House call compensation

House call compensation

source-image
Mar 01, 2008

I'm a house call veterinarian who'd like to continue to perform surgeries and take radiographs in order to maintain my skills. What's the appropriate amount of compensation for a veterinarian who allows me to use his or her hospital for these purposes?


Mark Opperman
Most practices separate their hospital costs from their professional costs, says Veterinary Economics Hospital Management Editor Mark Opperman, CVPM, owner of VMC Inc., a consulting firm in Evergreen, Colo. And that's where you start your negotiations.

For example, the charge for a radiograph might be $125, but $25 of that fee is for interpretation. The remainder pays for taking and processing the radiograph. In this case, if you took a radiograph for your client in a colleague's hospital, Opperman says, you'd earn $25 and the practice would retain $100. The same applies to surgery. Usually a practice would charge a surgeon's fee along with fees for inhalation anesthesia, hospitalization, operating room use, and so on. You'd be entitled to the surgeon's fee, and the practice would keep the rest of the income for the hospital services provided. This makes for a fair and equitable distribution of fees when an outside veterinarian uses another hospital's facilities, Opperman says.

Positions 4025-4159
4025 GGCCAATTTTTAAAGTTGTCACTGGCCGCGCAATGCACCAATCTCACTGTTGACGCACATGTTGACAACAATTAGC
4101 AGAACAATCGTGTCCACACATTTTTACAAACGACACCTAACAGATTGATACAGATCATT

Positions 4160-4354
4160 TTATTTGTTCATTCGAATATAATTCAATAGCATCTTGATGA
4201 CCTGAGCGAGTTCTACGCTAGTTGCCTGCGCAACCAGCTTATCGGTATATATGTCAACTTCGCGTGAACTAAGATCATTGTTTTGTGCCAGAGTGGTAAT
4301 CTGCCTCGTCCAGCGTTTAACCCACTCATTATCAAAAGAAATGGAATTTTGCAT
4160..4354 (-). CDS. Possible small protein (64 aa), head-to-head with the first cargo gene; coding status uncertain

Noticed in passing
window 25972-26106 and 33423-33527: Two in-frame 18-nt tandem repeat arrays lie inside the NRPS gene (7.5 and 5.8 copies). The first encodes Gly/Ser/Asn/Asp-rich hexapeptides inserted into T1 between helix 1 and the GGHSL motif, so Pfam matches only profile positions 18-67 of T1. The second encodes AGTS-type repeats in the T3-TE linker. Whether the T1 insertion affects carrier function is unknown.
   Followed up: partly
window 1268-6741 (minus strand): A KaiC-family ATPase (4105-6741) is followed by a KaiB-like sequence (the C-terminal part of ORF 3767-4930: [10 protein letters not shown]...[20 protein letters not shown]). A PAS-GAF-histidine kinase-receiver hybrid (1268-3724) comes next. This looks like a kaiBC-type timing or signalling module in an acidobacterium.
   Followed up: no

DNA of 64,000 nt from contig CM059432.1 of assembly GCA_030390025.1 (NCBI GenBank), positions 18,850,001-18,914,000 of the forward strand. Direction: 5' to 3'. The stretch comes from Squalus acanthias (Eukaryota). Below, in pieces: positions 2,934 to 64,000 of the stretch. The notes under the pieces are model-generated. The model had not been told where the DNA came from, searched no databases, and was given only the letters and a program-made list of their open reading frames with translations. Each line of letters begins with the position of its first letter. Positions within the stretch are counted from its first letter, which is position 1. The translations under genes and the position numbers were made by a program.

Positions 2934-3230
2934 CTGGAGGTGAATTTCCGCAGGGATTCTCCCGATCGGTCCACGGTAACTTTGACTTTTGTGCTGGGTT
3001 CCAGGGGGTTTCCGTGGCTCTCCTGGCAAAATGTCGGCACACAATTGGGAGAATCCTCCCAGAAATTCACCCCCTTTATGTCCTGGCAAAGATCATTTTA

Hot topics on dvm360

Dog of Dallas Ebola patient will not be euthanized, authorities say

Health officials have quarantined and will monitor dog and amid concerns surrounding deadly virus.

Video: How to perform a belt-loop gastropexy

Prevent GDV in your at-risk patients with this simple technique.

Stretch your skills to earn more in veterinary practice

Finding new tasks could be the key to generating more income for your practice—and boosting your pay.

Veterinary community stunned by Sophia Yin's unexpected death

Prominent veterinary behaviorist died of suicide Sept. 28.

Study shows sustained salary slump for veterinary support staff

Since 2009, technicians paid by the hour have experienced a bump in pay, but pay for other team members has stayed stagnant, according to data from the 2014 Firstline Career Path Study. Here’s a look at changes in team pay from 2009 to 2013.